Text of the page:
Analogue Pocket review – a heaven-sent gift for Game Boy fans | Games


For the past 10 years Seattle-based tech company Analogue has been making high-end retro video game hardware, with a steely focus on accurate, authentic reproduction rather than emulation. Its Mega Sg and Super Nt consoles were highly acclaimed modernisations of the Sega Mega Drive and Super Nintendo, allowing users to play all their old 16-bit game carts on modern machines with a variety of display and audio options. Now the company has finally launched its Analogue Pocket, a handheld console that will play Game Boy, Game Boy Color and Game Boy Advance (GBA) cartridges on a beautiful 3.5in LCD display in crisp 1600×1440 resolution.

As with the other consoles in its range, there’s no software emulation of the old systems going on here. The company uses a field-programmable gate array (FPGA) circuit to replicate the original tech specs, which means it can pretty much run any Game Boy game from the thousands available, with few of the glitches, instabilities or compatibility problems often associated with software-based emulators.

The first game we try is the lovely original platformer Tiny Toon Adventures: Babs’ Big Break, and the game’s intricate cartoon-style visuals are sparklingly clear and precise on the new screen. The comprehensive settings menu allows you to select from a range of classic or enhanced display and audio options, so if you want to play, say, Super Mario Land in the original green hue of the Game Boy, you can – or it can be rezzed up for the larger clearer Analogue Pocket screen. Switching to a GBA game, in this case Mario Kart: Super Circuit, the performance is equally good, with the tiny, colourful sprites perfectly replicated and no screen blur.

Analogue Pocket.
Visuals are sparklingly clear and precise … Analogue Pocket. Photograph: Analog

The form factor resembles the old Game Boy, with its vertical design – screen at the top, D-pad and button array below. The GBA shoulder buttons are placed either side of the cartridge port on the rear, and they’re smaller and closer together than the originals so if you have big hands you might well have to claw up a little, which could lead to some wrist pain after a few hours of play. It’s reasonably heavy at 275g, but still extremely portable, and carts slide into the back very easily, with a pleasingly firm feel. There is also a headphone socket and an optional dock (sold separately) if you want to output to a TV. You can also buy adaptors to let you play Game Gear, Neo Geo Pocket, Neo Geo Pocket Color and Atari Lynx games, giving you access to even more of your retro collection.

As for saving your progress (a modern luxury we’ve become extremely reliant on), the console currently lets you save a single game, and I found the function slightly unreliable. However, the console comes with its own operating system – Analogue OS – which will allow the company to provide a range of updates, including full save game functionality. Alongside this, Analogue has also included two widely available apps: GB Studio, a simple drag-and-drop game creation package, and Nanoloop, a digital synthesiser. We could end up seeing a whole homebrew developer community spring up around this machine.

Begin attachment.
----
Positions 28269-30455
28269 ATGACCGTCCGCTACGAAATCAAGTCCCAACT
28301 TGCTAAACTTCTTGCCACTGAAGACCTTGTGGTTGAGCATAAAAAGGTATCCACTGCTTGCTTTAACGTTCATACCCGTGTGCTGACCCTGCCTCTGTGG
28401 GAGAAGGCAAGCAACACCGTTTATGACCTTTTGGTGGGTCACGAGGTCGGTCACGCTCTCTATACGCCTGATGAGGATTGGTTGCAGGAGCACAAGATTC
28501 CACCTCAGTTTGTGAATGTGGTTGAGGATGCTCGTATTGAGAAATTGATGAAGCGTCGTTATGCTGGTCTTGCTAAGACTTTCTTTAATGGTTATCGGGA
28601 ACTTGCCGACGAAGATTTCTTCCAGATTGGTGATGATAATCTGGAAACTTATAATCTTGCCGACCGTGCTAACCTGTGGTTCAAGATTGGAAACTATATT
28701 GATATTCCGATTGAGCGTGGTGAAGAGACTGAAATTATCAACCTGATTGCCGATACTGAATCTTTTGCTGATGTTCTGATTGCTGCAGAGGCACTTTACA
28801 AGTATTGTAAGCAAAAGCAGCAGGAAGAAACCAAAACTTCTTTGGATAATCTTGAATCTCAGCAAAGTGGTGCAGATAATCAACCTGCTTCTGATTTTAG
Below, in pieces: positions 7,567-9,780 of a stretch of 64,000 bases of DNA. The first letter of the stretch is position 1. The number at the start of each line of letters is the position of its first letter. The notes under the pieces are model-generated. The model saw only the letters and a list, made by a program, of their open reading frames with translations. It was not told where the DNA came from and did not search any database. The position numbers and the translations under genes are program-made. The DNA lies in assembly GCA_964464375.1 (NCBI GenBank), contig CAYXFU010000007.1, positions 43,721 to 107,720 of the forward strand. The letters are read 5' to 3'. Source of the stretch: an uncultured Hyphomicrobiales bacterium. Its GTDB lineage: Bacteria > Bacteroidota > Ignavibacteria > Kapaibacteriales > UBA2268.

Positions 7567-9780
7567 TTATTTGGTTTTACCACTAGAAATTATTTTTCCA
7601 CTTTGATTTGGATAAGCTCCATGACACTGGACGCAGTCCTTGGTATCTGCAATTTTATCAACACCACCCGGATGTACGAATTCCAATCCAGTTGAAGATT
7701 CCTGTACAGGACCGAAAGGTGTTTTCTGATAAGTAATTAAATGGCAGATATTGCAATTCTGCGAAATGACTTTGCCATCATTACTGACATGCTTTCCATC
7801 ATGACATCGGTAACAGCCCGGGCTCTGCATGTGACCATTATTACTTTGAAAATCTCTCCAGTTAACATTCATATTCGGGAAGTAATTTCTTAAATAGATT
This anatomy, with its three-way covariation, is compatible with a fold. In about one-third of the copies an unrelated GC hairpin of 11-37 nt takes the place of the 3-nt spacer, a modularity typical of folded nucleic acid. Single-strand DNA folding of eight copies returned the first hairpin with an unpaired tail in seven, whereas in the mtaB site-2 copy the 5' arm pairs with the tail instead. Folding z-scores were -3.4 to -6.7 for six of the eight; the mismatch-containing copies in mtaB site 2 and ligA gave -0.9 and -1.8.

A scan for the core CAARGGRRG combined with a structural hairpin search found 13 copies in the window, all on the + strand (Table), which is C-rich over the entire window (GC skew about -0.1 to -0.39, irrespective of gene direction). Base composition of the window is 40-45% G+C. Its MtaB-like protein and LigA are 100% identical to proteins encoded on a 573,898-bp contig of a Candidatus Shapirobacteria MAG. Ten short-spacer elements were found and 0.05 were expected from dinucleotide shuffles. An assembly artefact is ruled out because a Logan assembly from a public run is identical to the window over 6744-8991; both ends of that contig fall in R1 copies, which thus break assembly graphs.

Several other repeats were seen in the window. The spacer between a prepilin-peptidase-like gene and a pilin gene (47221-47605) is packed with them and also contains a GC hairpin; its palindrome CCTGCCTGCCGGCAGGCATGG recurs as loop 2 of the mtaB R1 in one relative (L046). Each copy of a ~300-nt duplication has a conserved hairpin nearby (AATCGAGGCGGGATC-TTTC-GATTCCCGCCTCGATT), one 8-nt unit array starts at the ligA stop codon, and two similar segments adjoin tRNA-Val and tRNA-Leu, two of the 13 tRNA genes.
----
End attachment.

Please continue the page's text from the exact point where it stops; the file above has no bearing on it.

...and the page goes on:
The gaming equivalent of buying a fancy new turntable to play your old records

Away from the neat extras, the Analogue Pocket is intended for people who have decent cart collections, or are intending to go on a major splurge on eBay or at their local CEX. This is not an emulator console like the RG350, and it won’t give you access to hundreds of free game ROMs (at least not yet – there’s always the chance of a fan-made update later on). Instead, it’s the gaming equivalent of buying a fancy new turntable to play your old records: you get an authentic experience but with all the benefits of fresh digital technology.

I still own a fair number of GBA and Game Boy games, as well as a few Game Gear titles, and rediscovering them on this system is proving a joy – not least because of the six to 10-hour battery life. Buying a system that’s built to get the most out of original carts also encourages you to value, explore and enjoy each game in full, rather than swapping between them like songs on a Spotify playlist. There is so much fun and challenge to be found in games such as Castlevania: Aria of Sorrow, Legend of Zelda: Oracle of Seasons and The Sword of Hope. They still deserve your time and attention – and Analogue Pocket provides the perfect venue.